Did Tom Brady know? A new report concludes he likely did. © LUCY NICHOLSON/Reuters/Corbis

Did Tom Brady know? A new report concludes he likely did. © LUCY NICHOLSON/Reuters/Corbis

The National Football League has spoken. Tom Brady will sit out the first four games of the 2015 season for his role in the improperly inflated footballs scandal during last season’s playoffs.

The punishment for Deflategate, as the football air pressure incident has become known, is based on findings in the 243-page Wells Report that it is “more probable than not” that the New England Patriots’ star quarterback violated league rules.

Jock tax cost

Patriots’ fans, as well as the millions who play fantasy football, are freaking out about the loss of such a valuable player for a quarter of the NFL’s 2015 regular season.

So are Massachusetts and New York tax collectors.

If Brady doesn’t win his expected appeal of the suspension, he won’t play in two home games in Foxborough, Massachusetts. He’ll miss road games in Buffalo, New York, and Arlington, Texas.

Three of those four games are in states that collect income taxes. And jock taxes, the share of well-paid athletes’ earnings that states and some cities get when players come to play games, provide a nice chunk of change for state treasuries.

Brady’s 2015 NFL base salary of $8 million means he will lose around $500,000 per game.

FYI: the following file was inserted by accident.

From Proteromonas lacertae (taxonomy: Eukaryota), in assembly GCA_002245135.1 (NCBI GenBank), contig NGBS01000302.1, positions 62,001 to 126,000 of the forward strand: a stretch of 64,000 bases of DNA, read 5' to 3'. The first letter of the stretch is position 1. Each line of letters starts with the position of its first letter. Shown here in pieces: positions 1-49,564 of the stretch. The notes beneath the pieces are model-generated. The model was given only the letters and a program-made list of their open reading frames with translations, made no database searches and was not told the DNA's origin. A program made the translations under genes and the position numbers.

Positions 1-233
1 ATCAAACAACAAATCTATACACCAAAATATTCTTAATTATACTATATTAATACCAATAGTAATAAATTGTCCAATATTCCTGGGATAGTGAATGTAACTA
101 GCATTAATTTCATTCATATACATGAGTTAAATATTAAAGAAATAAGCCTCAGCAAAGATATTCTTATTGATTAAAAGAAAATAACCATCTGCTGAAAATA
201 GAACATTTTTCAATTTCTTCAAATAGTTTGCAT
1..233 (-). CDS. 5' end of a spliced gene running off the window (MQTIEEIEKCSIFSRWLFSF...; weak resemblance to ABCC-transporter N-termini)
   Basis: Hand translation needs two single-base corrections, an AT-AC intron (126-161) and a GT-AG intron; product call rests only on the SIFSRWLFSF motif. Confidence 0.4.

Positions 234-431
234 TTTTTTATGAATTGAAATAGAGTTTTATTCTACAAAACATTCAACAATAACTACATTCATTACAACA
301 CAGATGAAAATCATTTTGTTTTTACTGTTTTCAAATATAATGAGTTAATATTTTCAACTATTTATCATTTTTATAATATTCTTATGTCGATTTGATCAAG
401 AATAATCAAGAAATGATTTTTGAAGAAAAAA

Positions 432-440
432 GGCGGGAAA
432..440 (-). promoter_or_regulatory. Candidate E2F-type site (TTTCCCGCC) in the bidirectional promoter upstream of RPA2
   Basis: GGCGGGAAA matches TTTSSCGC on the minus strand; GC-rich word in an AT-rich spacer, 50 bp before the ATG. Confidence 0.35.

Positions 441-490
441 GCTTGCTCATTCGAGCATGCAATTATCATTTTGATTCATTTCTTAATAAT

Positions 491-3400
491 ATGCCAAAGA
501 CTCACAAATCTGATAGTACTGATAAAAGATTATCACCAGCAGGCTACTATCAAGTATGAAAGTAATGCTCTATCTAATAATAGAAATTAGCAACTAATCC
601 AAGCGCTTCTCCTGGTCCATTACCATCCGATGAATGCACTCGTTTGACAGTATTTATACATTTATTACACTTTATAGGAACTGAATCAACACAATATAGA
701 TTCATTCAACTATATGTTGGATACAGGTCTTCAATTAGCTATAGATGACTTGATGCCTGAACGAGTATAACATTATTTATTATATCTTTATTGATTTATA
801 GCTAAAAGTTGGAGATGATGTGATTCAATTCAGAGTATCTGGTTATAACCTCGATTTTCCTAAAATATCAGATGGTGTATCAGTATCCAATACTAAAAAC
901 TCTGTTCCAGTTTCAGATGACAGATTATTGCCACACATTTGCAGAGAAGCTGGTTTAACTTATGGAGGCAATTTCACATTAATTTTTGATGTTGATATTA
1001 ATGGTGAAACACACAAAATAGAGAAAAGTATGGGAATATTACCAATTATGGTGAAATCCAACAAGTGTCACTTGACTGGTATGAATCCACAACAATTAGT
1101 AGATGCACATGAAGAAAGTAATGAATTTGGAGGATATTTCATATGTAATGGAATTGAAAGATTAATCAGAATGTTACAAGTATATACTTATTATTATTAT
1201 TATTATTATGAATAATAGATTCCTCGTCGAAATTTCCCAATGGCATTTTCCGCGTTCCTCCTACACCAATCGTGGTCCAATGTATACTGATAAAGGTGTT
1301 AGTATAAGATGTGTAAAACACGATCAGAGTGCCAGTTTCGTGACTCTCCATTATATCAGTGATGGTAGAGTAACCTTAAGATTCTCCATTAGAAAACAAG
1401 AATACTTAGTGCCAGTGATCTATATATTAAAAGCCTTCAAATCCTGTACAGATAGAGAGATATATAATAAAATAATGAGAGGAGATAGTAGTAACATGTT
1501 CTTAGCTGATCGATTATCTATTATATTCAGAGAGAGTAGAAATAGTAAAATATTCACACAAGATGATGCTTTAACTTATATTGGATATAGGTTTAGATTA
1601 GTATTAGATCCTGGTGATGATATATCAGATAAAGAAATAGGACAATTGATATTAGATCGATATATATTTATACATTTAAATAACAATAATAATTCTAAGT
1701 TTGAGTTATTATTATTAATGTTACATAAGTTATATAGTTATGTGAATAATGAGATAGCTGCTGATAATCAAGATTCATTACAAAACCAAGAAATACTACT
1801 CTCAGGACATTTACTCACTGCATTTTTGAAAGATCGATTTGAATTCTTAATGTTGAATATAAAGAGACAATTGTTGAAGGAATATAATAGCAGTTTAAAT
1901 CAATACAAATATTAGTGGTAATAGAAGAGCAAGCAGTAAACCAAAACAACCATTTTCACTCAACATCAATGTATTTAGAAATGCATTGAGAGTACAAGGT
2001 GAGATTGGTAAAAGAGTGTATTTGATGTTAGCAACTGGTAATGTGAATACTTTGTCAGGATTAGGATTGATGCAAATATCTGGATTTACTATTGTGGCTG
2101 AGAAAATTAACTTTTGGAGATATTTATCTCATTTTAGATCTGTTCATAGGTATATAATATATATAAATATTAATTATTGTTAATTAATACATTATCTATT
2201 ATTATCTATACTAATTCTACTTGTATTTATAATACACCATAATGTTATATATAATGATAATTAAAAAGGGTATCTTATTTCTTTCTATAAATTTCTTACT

That’s $1 million that won’t face taxes from home games in Massachusetts against the Pittsburgh Steelers and Jacksonville Jaguars.

New York’s tax collector will lose its part of half a million dollars that Brady won’t get for the Buffalo Bills home game.

Only the match-up between the Patriots and Dallas Cowboys is immaterial for state tax purposes since Texas has no income tax.

And we can’t forget Uncle Sam. The U.S. Treasury also will take a hit from the $2 million that Brady won’t be paid.

Tougher on states than Brady?

While $2 million is a lot of money, the punishment isn’t really that big of a deal to Brady, a two-time NFL most valuable player who earned his fourth Super Bowl ring in February.

His NFL salary is only a small part of his overall net worth, which Celebritynetworth.com estimates at $120 million. Plus, Brady married up financially. His wife, Brazilian super model Gisele Bundchen, is estimated to be worth $320 million.

Struggling states, however, will miss every tax dollar they can’t collect from Brady this fall.

Maybe those state tax officials will file a friend of the NFL appellate hearing brief in support of leniency for Brady.

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